Albertus Weldison Nonto
Flat-screen televisions are predicted to outnumber their old-fashioned CRT counterparts by 2013. While sales are booming, most components are still imported, leaving Indonesia mainly an assembly point.
If you’ve been keeping an eye on electronic stores and supermarkets throughout Jakarta and other major cities, you would have noticed an aggressive retail push. Flat-screen TVs, exclusive high-end products in the past, are making their way into the mainstream.
Herdiana Anita, general marketing manager at Sharp Indonesia, recently told local media the sale of flat-screens would surpass the sale of conventional TVs by 2013. More than 800,000 flat-screen TVs were sold nationwide in 2010, in comparison to three million conventional TVs, she said.
A coveted middle-class commodity, flat-screens are stylish and compact. Now they are also affordable. Attractive interest-free payment options and cheaper prices have helped sales skyrocket over the past three years. Only five years ago the retail price of a 32-inch LCD TV was Rp9 million. Today it is nearly half that at Rp4-5 million.
The rising purchasing power of the growing middle class is proving that Indonesians love TV. Global market research company GfK reports that electronic industry sales in Indonesia rose by 20% in 2010 compared to the year before with a total turnover of Rp83 trillion ($9 billion). Sales are expected to hit Rp99 trillion this year. While that figure excludes illegal products widely available on the black market, it is clear the sector is on a positive trajectory.
The most purchased electronic goods, notes the survey, were flat-screen TVs, mobile phones and laptop computers, in that order.
Darwin Leo, sales director at the multi-finance company Columbia, estimates that sales of electronic goods this year will double GfK’s figures. Cheaper prices across a range of products will see more than 1.5 million units sold this year, he argues. This would represent a more than 60% growth rate.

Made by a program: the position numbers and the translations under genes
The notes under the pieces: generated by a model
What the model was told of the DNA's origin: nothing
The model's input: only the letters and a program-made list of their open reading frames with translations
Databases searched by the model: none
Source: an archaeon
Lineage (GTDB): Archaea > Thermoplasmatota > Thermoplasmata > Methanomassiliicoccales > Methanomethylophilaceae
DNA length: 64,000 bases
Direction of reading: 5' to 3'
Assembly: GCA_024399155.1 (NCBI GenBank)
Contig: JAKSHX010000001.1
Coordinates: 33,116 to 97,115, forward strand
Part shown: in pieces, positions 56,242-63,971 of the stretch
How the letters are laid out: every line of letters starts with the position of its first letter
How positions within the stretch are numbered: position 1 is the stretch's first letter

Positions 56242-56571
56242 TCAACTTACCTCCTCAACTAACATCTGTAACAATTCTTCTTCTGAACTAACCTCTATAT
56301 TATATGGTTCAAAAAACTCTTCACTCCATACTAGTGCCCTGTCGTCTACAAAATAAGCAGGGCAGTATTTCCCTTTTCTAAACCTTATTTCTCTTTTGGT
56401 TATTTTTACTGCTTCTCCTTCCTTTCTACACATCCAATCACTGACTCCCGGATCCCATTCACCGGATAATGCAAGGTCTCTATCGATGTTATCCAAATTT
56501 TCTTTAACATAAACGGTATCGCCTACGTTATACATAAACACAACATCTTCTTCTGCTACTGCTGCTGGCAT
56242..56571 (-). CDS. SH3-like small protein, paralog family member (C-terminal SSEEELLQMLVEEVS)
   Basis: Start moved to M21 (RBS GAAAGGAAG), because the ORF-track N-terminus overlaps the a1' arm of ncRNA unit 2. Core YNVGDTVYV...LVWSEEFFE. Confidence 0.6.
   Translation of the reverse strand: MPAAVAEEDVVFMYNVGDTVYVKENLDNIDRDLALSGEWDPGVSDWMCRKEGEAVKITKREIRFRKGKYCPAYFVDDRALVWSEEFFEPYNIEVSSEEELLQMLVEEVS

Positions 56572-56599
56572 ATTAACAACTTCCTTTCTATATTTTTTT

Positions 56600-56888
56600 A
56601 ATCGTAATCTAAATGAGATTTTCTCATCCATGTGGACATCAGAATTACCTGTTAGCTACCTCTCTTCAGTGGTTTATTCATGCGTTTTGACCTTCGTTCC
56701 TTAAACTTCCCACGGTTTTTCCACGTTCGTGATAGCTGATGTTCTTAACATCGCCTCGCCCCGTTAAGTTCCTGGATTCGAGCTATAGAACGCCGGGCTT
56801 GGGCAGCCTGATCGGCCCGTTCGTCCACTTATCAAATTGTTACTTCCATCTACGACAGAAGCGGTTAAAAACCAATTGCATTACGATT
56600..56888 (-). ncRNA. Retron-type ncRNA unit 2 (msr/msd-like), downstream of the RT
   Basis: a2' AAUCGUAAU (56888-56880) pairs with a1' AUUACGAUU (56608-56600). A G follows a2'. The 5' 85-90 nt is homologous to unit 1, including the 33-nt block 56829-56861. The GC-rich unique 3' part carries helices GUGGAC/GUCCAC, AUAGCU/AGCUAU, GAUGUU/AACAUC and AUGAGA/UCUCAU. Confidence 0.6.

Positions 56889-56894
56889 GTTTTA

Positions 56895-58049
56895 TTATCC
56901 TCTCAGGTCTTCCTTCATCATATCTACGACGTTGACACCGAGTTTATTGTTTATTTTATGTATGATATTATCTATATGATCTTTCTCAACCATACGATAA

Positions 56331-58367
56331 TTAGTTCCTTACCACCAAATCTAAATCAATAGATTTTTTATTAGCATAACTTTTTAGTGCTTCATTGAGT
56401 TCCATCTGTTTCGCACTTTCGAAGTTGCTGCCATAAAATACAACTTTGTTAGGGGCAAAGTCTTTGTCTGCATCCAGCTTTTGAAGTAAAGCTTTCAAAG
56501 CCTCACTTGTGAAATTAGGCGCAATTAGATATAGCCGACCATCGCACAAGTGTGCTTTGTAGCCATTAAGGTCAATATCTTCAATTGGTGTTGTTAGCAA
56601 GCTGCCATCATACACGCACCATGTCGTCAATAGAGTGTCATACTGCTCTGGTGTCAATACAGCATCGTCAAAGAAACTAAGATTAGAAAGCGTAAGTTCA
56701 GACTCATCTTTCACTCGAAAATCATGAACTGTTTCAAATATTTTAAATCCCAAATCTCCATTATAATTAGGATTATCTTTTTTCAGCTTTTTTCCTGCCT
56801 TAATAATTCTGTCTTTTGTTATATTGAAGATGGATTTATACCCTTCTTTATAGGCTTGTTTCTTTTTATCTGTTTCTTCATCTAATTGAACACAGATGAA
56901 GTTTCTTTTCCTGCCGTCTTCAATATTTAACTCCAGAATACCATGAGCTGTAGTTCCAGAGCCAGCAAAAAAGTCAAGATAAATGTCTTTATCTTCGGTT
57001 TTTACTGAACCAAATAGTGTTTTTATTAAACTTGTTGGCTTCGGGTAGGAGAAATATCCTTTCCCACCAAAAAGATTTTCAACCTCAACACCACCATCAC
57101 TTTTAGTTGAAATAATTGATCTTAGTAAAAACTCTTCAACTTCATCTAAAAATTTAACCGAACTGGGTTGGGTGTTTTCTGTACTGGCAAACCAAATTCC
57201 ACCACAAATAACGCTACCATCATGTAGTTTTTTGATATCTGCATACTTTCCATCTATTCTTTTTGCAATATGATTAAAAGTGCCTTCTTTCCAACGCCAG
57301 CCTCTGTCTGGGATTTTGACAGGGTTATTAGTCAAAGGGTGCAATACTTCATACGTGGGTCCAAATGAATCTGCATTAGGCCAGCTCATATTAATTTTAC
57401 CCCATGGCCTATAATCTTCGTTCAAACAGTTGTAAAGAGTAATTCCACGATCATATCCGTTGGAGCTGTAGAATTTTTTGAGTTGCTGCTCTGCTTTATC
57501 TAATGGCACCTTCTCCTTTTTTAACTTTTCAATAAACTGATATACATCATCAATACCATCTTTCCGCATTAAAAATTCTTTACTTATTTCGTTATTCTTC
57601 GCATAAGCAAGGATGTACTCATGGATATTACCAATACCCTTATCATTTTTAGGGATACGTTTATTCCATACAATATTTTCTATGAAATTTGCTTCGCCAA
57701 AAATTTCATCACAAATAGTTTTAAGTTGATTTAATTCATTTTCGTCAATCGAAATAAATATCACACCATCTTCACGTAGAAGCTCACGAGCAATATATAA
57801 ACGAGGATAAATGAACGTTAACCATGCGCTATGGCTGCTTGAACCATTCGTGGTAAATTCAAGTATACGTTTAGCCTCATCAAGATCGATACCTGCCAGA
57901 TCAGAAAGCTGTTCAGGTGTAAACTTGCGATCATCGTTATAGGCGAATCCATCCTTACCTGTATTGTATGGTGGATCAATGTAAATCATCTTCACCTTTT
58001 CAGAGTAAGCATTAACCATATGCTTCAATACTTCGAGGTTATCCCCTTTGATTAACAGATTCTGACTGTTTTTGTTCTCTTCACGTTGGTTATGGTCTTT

The market frenzy has caused a stir among producers and financial companies such as Colombia, which is working hard to profit from the rush.
Price versus quality
Chairman of the Electronic Marketing Club (EMC) Irfan Suryanto says that positive trends in the sales of flat-screen TVs have led producers to boost production. Over the past three years sales of the TVs have grown by more than 50% and continue to grow.
In terms of quantity, the product category contributes around 30% of total sales in the TV market, but in terms of value it represents more than 65% of sales.
Irfan agrees that lower prices have been a major factor in the surge of interest. “In terms of the price gap between CRT TVs and flat-screens, the price margin has become so narrow that consumers opt for the more modern flat-screen version now,” says Irfan, adding the price war among producers is fierce.
Most of the components of TVs on the Indonesian market are imported from Korea, Taiwan and China. Samsung is the current market leader in terms of panel production, followed by LG and Japan’s Sharp.
“I see bright prospects for the product in the future. In February and March alone 35% of TV sales throughout the country were from these categories,” says Irfan.
Consumer interest, he notes, has spurred production of 32-inch flat-screens, rather than the larger screens that are more popular with the high-end market.
Producers are working hard to attract customers. While competitive pricing is essential, product specifications are also an important selling point. The quality of the picture, energy-saving features and sound quality are where producers are looking for an edge.
“For more than 80% of customers, price sensitivity is essential, while in the high-end market quality products are mandatory,” explains Irfan.
Local player Polytron, owned by tycoon Budi Hartono, has been targeting the lower-end market for several years. Company spokesperson Santo Kadurusman says that while Polytron is by no means the biggest in the flat-screen market, the sound quality of its products has boosted its sales. The company is the current market leader for audio products, where it has led the market for the past three years.